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Saturday February 09th 2008 - 11:12 AM EST
Added by: Don Shipley

Never tell a Helo Pilot he can’t scare you. As young SEALs, we’d always 
tell Pilots this and we were always wrong as they can and would scare the 
Hell out of us.  As I got older,  I’d make it a point to tell my guys not 
to encourage or dare the Pilots, and I meant it, as I’ve had my share of 
No close calls with their bravado, very skilled guys, they just knew what 
they could do to "freak us out."

The close calls came when just regular things happened on-board Helo’s, 
and with so much time on them,  lot’s of regular thing happened and no need 
in making the normal ride any worse.

Our platoon was tasked with a POW Rescue. It was a training mission in 
California at a Navy compound that taught "Survival, Escape, Resistance 
and Evasion (SERE) Training.
Before we raided the camp and rescued the prisoners we sent out a couple 
guys on a Helo to do a "Fly By" and take some pictures of the camp for the 
mission planning. A common practice, SEALs would fly over an area they’d 
be operating in and have a look at the terrain by air.

What wasn’t common was the Helo having a major problem over the target and 
being forced to land immediately or crash.

With no suitable landing zones nearby they set the bird down right in the 
POW Compound and saved the guards the trouble of having to hunt down and 
attempt the capture of our guys.

During an extraction in Alaska, after a long, tough operation, we gladly 
boarded two Huey’s that came for us and headed for a hot shower and chow.
My squad was STUFFED into one Helo with all our packs and skies, the other 
squad STUFFED into the other and flying alongside us.
Happy to be out of Alaska’s worst and warming up for the first time in 
days, we waived at each other happily knowing we were done with another 
"Ball Buster Operation" and heading home soon.

Not quite, as the other Helo banked sharply and went down hard in the 
snow. With the blades still turning in a cloud of snow it was hard to tell 
how bad the crash had been and if the guys were OK.
There was nothing we could do with a full load and no comms except head 
for the base and send the Helo back for a rescue.
I took a long time to re-fuel and get permission to send the Helo back and 
we waited for word on our guys.
All fine, the guys broke out their sleeping bags and made coffee with 
their stoves and were picked up awhile later unharmed but shook up.

Explosions, fires, clipping power lines and chopping antennas on Ships, 
I’d thought I’d seen it all until the "Night of the Fastrope" in the 
Persian Gulf.

We lived on barges in the Gulf during the Iran/Iraq War in the mid 80’s. 
Team One on Winbrown and Team Two guys were on the Hercules nearby.
On a stormy night we planned to "Hit" the Hercules for some training using 
a Helo and Fastrope on-board.

A Fastrope is a method of insertion we use. The rope comes in lengths of 
50 and 90 feet and as big around as the average guys forearm. We’d throw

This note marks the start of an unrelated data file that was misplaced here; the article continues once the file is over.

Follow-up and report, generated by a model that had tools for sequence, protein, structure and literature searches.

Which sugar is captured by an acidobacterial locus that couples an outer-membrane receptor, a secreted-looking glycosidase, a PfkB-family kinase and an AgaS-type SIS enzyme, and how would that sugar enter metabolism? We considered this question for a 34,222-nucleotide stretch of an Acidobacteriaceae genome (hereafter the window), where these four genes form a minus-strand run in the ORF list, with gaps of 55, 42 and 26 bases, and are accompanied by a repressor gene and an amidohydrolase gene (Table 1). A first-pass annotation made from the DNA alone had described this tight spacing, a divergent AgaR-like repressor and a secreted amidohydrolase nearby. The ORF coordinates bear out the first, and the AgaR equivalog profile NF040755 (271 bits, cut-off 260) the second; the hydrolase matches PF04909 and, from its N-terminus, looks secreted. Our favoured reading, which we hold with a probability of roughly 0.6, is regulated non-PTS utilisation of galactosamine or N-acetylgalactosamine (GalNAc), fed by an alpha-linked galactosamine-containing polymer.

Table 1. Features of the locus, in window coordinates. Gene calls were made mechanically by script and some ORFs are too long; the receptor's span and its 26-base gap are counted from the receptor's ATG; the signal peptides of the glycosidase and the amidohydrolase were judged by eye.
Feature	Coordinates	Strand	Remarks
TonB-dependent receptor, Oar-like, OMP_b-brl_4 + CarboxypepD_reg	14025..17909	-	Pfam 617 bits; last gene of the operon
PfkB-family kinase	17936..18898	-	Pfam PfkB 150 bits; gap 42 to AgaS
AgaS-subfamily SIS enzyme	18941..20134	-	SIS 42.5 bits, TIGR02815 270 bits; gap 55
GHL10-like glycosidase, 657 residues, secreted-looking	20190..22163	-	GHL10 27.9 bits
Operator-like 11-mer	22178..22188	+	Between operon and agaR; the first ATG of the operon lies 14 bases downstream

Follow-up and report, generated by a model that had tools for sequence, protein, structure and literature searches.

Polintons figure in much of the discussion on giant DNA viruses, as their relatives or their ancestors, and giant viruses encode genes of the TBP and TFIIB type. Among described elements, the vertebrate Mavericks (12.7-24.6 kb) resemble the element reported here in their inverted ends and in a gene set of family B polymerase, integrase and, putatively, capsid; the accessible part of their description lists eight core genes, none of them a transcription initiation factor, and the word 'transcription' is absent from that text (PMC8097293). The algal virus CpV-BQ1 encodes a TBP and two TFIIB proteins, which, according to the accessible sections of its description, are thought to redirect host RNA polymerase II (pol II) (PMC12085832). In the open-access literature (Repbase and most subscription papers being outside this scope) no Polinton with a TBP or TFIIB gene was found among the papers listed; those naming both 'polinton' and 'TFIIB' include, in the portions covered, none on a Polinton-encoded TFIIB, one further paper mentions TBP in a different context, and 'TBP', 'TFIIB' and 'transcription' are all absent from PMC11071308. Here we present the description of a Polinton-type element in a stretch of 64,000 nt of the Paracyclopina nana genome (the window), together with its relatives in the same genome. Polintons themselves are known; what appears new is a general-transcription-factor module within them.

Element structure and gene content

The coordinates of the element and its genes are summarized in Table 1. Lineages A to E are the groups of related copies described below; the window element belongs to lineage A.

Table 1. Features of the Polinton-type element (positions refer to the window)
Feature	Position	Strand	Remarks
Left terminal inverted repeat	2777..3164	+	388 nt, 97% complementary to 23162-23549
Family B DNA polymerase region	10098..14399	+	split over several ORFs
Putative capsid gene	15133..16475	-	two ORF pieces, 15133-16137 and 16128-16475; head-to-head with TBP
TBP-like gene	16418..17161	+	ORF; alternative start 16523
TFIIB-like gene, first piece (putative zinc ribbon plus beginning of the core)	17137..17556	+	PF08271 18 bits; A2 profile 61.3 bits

the rope, which was attached outside the door of the Helo and slide down 
the rope quickly one after another. ( The Fastrope  was shown in the Black 
Hawk Down movie.)

Being the Fastrope Master, I threw the rope when we were over the Helo pad 
on the Hercules and quickly began my rapid decent to the deck.
The Helo pad was 80 feet high on the Herc and a fall over the side into 
the water would have been a bad one, real bad.

On the deck,  I ran to my designated corner on the pad and set security. 
As I was on a knee and looking out I realized the Helo was coming toward 
me and as I looked back I could see it coming at high speed wobbling side 
to side and spilling guys off the rope as it headed for the side of the 

A steady stream of guys were dumped along its path in a neat line across 
the deck with the last guy dropping in the safety nets next to me as I 
rushed to grab him preventing his long drop to the dark water below.

The Helo flew over the side of the barge out of sight and then gained 
altitude and continued flying away.

We quickly gathered together on the pad and in our "shaken state" began 
trying to figure out what happened and making a few jokes that only SEALs 
can make after something really bad happens.

While doing this one of the guys says’s "Ooo Shit!"
As we look in the direction he’s looking we can clearly see the Helo in 
the distance silhouetted by a full moon. We can also see someone is still 
on the rope hanging under the Helo.

The Pilots and Crew Chief are doing the same thing we are and trying to 
figure out what happened and finally one of them remembered the rope still 
attached and sees in horror that a guy is hanging on it.

Slowly turning around so not to shake him off the rope, they return over 
the barge and Bill drops off the rope at a nice high altitude and crashes 
into the deck in a heap.

Bill tells us later that he realized he’d go over the side and somehow 
stopped his decent on the rope even with all his gear and weapon. He also 
told us he helped hold onto the rope with his teeth biting the rope a hard as he 

We called it a night...



Comment by: Shane
Wednesday February 13th 2008 - 10:13 PM EST

Damn, that's really something. Great blog. Speaking of Iraq, where'd the pictures go of the SEALs over there?

I have started the SEAL pt on here. Great workouts, I'm really feeling them already.

Reply By: Don Shipley

Thanks Shane. We're just re-doing a few things on the site and we'll back strong soon... Kick some ass with the workouts...

Talk soon... Don

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